Synthesis and characterization of Fe(III)-Fe(II)-Mg-Al smectite solid solutions and implications for planetary science

1,2Valerie K. Fox et al. (>10)
American Mineralogist 106, 964–982 Link to Article [DOI: https://doi.org/10.2138/am-2020-7419CCBYNCND]
1California Institute of Technology, 1200 E. California Boulevard, Pasadena, California 91125, U.S.A
2University of Minnesota, John T. Tate Hall, 116 Church Street
SE, Minneapolis, MN 55455-0149, U.S.A.
Copyright: The Mineralogical Society of America

This study demonstrates the synergies and limits of multiple measurement types for the detection
of smectite chemistry and oxidation state on planetary surfaces to infer past geochemical conditions.
Smectite clay minerals are common products of water-rock interactions throughout the solar system,
and their detection and characterization provides important clues about geochemical conditions and past
environments if sufficient information about their composition can be discerned. Here, we synthesize
and report on the spectroscopic properties of a suite of smectite samples that span the intermediate
compositional range between Fe(II), Fe(III), Mg, and Al end-member species using bulk chemical
analyses, X‑ray diffraction, Vis/IR reflectance spectroscopy, UV and green-laser Raman spectroscopy,
and Mössbauer spectroscopy. Our data show that smectite composition and the oxidation state of octahedral Fe can be reliably identified in the near infrared on the basis of combination and fundamental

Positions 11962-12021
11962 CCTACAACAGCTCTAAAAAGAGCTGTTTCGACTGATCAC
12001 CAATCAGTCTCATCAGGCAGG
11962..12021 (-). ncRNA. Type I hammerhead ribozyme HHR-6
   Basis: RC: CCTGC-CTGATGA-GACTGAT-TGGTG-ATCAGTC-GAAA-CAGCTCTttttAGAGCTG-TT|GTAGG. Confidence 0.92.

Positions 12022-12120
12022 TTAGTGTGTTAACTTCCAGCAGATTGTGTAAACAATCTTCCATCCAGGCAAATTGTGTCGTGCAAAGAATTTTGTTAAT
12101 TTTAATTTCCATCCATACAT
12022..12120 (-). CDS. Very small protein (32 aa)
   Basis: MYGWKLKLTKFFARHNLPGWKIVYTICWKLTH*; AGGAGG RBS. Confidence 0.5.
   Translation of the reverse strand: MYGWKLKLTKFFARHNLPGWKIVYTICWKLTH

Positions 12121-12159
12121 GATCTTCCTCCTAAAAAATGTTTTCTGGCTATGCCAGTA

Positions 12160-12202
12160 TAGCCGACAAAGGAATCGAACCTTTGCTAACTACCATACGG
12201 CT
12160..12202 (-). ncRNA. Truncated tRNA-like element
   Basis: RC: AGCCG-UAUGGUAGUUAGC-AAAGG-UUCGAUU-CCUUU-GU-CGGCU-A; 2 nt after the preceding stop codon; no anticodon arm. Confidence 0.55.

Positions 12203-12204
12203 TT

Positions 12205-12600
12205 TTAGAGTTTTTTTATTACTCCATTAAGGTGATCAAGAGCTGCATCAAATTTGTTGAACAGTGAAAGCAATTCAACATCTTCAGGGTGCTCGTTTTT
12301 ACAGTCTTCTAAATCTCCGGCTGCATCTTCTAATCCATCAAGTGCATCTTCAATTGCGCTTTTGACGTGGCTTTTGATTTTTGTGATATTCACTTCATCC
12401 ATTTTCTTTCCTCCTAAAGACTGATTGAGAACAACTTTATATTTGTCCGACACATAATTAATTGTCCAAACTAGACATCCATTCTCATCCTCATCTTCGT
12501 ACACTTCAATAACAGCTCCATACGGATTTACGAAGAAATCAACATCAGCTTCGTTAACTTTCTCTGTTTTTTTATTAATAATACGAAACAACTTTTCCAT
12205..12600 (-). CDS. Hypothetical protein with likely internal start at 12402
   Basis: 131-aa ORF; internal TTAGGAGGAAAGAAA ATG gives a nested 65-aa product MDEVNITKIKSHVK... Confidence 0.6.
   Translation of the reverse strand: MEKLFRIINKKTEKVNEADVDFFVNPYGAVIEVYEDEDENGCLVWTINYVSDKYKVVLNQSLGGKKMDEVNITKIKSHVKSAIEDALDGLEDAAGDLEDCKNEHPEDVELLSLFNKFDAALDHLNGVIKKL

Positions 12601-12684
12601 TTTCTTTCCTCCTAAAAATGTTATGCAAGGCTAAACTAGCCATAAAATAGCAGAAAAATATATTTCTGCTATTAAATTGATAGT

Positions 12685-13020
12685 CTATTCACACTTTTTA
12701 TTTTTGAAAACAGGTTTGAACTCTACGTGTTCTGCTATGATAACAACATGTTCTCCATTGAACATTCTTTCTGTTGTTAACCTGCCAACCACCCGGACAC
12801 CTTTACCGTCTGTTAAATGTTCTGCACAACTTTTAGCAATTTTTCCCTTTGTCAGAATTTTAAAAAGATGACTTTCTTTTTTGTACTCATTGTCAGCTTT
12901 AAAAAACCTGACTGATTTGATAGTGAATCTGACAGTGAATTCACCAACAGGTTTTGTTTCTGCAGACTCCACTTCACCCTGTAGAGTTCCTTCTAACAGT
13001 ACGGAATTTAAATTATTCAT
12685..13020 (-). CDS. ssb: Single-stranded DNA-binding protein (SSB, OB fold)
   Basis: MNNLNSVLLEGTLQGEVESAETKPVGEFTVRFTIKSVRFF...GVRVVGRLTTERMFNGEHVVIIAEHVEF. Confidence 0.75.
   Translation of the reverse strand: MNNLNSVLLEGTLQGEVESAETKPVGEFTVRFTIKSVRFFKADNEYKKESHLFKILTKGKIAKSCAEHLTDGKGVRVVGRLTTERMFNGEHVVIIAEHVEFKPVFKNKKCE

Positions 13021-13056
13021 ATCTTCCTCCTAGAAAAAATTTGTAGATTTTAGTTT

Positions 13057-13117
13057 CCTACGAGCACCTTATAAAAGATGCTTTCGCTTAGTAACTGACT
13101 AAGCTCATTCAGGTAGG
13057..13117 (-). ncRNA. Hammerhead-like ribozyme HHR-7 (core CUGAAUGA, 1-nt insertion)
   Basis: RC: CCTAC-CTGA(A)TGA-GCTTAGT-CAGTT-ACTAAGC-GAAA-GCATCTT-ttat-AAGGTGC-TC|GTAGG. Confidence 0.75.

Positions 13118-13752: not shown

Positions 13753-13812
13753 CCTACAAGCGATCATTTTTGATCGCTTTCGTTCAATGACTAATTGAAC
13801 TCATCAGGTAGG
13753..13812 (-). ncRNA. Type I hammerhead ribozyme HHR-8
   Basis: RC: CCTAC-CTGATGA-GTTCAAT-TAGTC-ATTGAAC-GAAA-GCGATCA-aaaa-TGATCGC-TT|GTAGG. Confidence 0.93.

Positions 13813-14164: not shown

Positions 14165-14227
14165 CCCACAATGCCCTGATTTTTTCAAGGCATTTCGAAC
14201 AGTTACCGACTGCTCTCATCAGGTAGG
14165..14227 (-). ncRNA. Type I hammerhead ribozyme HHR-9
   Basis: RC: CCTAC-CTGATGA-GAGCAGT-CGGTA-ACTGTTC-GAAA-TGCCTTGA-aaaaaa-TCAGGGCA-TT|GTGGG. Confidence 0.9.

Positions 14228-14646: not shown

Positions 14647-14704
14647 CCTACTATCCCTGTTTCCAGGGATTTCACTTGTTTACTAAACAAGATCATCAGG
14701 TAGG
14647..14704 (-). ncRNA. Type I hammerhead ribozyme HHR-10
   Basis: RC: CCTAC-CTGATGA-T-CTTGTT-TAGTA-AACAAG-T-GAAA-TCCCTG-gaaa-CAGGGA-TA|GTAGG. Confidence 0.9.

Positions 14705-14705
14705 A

metal-OH stretching modes between 2.1–2.9 μm, which vary systematically with chemistry. Smectites
dominated by Mg or Fe(III) have spectrally distinct fundamental and combination stretches, whereas
Al-rich and Fe(II)-rich smectites have similar fundamental minima near 2.76 μm, but have distinct
combination M-OH features between 2.24 and 2.36 μm. We show that with expanded spectral libraries that include intermediate composition smectites and both Fe(III) and Fe(II) oxidation states, more
refined characterization of smectites from MIR data is now possible, as the position of the 450 cm–1
absorption shifts systematically with octahedral Fe content, although detailed analysis is best accomplished in concert with other characterization methods. Our data also provide the first Raman spectral
libraries of smectite clays as a function of chemistry, and we demonstrate that Raman spectroscopy
at multiple excitation wavelengths can qualitatively distinguish smectite clays of different structures
and can enhance interpretation by other types of analyses. Our sample set demonstrates how X-ray
diffraction can distinguish between dioctahedral and trioctahedral smectites using either the (02,11) or
(06,33) peaks, but auxiliary information about chemistry and oxidation state aids in specific identifications. Finally, the temperature-dependent isomer shift and quadrupole splitting in Mössbauer data are
insensitive to changes in Fe content but reliability differentiates Fe within the smectite mineral structure.

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